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Title: Fire retardancy behavior of polymer/clay nanocomposites
Authors: Zope, Indraneel Suhas
Keywords: DRNTU::Engineering::Materials
Issue Date: 2017
Source: Zope, I. S. (2017). Fire retardancy behavior of polymer/clay nanocomposites. Doctoral thesis, Nanyang Technological University, Singapore.
Abstract: Polymer/clay nanocomposites show significant reduction in peak heat release rates (up to ~70 %) during combustion, which is instrumental in restricting the flame spread and subsequent fire growth. This makes clay a potential eco-benign flame retardant for polymers. However, majority of polymer/clay nanocomposites display lower ignition times, restricting their wide-spread usage. Though this is widely attributed to the catalytic reactivity of clay, this aspect is poorly studied so far. This essentially forms the basis of this work, which focuses on developing a detailed understanding of the influence of metal ions like Mg2+, Al3+, and Fe3+ that are inherent to clay structure on the decomposition behavior of organic matter (polymer and organic modifier). To accomplish the above objective, in the first part of study, montmorillonite (MMT, from smectite clay family) was enriched with these metal-ions by cation exchange process to amplify their concentration at exchange position. Their effect on decomposition behavior of organic modifier, hexadecyltrimethylammonium bromide (HDTMA+), and subsequently on combustion and thermo-oxidative decomposition behavior of polyamide 6 (PA6) matrix was evaluated. The second part of study focuses on the elucidating the catalytic activity of different smectite clays that are inherently and individually rich in one of these metal ions in their octahedral layer. Precisely, hectorite (rich in Mg2+), montmorillonite (rich in Al3+) and nontronite (rich in Fe3+) are used. It was observed that the catalytic activity of exchanged clays was a combined effect of Brønsted and Lewis acid characters associated with the metal ions. Brønsted acidity affected the initial stages of organic modifier decomposition, while Lewis acidity affected the oxidation stability of carbonaceous residue beyond clay dehydration temperatures. Mechanism of HDTMA+ decomposition is provided adding fundamental knowledge to the field of organically modified clays. Even in PA6 matrix, each metal ion uniquely influenced different stages of decomposition depending on its concentration, location and degree of clay dispersion. By evaluating both condensed phase and gas phase chemical compositions, the effect of metal ions on thermo-oxidative decomposition mechanisms for PA6 are proposed. Briefly, the presence of Al3+ accelerated (time and temperature of) decomposition during the initial stages, while Mg2+ rich composite displayed maximum thermo-oxidation stability and gave the highest char. Fe3+ has prominently altered the chemical composition of condensed phase during pre-ignition stages without having any noticeable effect on decomposition onset temperature. However, it also generated highest smoke. Further, the catalytic effect of clays followed a similar pattern even when the metal ions are situated in the octahedral layer (lattice sites). Hectorite containing PA6 showed highest charring tendency synonymous to MgMMT; while nontronite (similar to FeMMT) reduced oxidation stability of carbonaceous matter and generated more smoke. Last part of this work explores an avenue to restrict the interfacial interaction between clay surface and polymer matrix, virtually, making PCN combustion and decomposition independent of clay catalysis. To achieve this target, a simple route is proposed wherein organically modified clay was coated with high-temperature-resistant polymers like polyetherimide and polyimide using solution-suspension mixing. High glass transition temperatures/very high melting points of these coating polymers prevented direct contact between clay surfaces with neighboring decomposing PA6 matrix. This has led to prevention of (clay-catalysis assisted) early ignition while maintaining the unique advantage of polymer/clay nanocomposites i.e. reduction in peak heat release rate (~52 % as compared to the neat matrix). In conclusion, this is the first-of-its-kind report providing a holistic insight into the effect of individual metal ions inherently present in clays on thermo-oxidation and combustion behaviors of polymer/clay nanocomposites. A performance matrix was also generated that associates each metal ion with different combustion and decomposition properties like decomposition time/temperature, total decomposition enthalpy, smoke generation and char formation. This matrix can be utilized in design and development of clays to impart superior flame and fire retardant properties to polymer/clay nanocomposites.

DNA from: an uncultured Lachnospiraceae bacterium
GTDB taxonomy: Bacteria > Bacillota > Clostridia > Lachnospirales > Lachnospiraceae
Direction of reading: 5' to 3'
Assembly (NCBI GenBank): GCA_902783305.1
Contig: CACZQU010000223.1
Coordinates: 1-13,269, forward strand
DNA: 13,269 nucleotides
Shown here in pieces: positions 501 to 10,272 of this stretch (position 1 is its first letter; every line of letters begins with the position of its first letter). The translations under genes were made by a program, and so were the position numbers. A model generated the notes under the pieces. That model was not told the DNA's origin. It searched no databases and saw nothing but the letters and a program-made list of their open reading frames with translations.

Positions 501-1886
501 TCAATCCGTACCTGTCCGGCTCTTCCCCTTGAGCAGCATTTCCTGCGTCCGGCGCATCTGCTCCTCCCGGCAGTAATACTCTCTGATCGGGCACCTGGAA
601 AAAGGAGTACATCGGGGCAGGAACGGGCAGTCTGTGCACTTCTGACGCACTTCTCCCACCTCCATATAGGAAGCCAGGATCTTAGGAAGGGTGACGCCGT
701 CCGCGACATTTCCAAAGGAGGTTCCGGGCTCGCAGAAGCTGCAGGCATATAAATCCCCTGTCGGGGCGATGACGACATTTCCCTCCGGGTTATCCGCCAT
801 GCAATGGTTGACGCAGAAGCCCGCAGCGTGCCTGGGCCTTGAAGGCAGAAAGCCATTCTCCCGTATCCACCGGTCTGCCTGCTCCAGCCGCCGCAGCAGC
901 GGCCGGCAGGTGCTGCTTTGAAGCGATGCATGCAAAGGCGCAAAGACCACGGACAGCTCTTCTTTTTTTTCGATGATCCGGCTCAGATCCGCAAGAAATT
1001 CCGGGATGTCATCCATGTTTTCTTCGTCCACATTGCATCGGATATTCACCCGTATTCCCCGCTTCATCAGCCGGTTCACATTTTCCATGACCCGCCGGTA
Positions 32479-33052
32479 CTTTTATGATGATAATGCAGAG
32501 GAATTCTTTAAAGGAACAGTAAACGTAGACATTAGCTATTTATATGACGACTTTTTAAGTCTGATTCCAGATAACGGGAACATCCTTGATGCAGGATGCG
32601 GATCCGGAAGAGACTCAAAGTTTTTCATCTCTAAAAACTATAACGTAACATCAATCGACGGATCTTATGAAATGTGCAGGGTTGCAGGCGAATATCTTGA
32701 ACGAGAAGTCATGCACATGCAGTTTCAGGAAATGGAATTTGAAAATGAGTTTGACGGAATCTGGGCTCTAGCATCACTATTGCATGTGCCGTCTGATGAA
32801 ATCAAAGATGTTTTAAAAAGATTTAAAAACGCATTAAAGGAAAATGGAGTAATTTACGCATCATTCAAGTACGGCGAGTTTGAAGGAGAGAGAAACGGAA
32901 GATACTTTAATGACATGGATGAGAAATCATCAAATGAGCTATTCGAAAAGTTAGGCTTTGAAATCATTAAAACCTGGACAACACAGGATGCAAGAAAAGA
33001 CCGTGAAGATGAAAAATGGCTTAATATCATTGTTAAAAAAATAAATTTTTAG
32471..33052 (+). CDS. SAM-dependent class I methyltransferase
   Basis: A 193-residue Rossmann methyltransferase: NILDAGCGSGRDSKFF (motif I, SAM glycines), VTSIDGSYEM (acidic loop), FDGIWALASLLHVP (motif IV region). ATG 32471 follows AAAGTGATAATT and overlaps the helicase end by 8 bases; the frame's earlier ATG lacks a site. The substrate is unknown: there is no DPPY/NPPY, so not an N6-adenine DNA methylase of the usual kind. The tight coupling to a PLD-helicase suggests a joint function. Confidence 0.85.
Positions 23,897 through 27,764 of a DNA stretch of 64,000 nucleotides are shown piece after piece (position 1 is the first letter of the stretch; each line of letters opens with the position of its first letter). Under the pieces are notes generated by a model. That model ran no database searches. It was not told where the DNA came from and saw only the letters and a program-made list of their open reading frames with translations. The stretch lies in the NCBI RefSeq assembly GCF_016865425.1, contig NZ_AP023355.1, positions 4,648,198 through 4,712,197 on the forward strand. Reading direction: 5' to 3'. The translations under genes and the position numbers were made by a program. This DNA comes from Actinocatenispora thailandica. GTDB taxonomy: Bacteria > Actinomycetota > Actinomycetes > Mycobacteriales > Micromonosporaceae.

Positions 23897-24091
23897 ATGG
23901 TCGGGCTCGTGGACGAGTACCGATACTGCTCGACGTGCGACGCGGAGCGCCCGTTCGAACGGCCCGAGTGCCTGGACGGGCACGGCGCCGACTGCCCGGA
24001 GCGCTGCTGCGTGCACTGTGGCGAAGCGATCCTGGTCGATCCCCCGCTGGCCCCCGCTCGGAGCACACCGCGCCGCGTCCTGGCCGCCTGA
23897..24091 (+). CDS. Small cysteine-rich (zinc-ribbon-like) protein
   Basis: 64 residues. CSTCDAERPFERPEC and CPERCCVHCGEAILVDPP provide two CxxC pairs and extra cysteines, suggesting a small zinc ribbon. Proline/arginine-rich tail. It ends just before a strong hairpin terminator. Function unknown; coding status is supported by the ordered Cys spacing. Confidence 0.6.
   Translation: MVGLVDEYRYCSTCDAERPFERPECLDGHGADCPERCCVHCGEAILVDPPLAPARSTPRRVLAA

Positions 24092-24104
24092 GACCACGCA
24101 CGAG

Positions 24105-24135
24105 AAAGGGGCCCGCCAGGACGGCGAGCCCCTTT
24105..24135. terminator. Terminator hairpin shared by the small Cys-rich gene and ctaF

DOI: 10.32657/10356/69550
Fulltext Permission: open
Fulltext Availability: With Fulltext
Appears in Collections:MSE Theses

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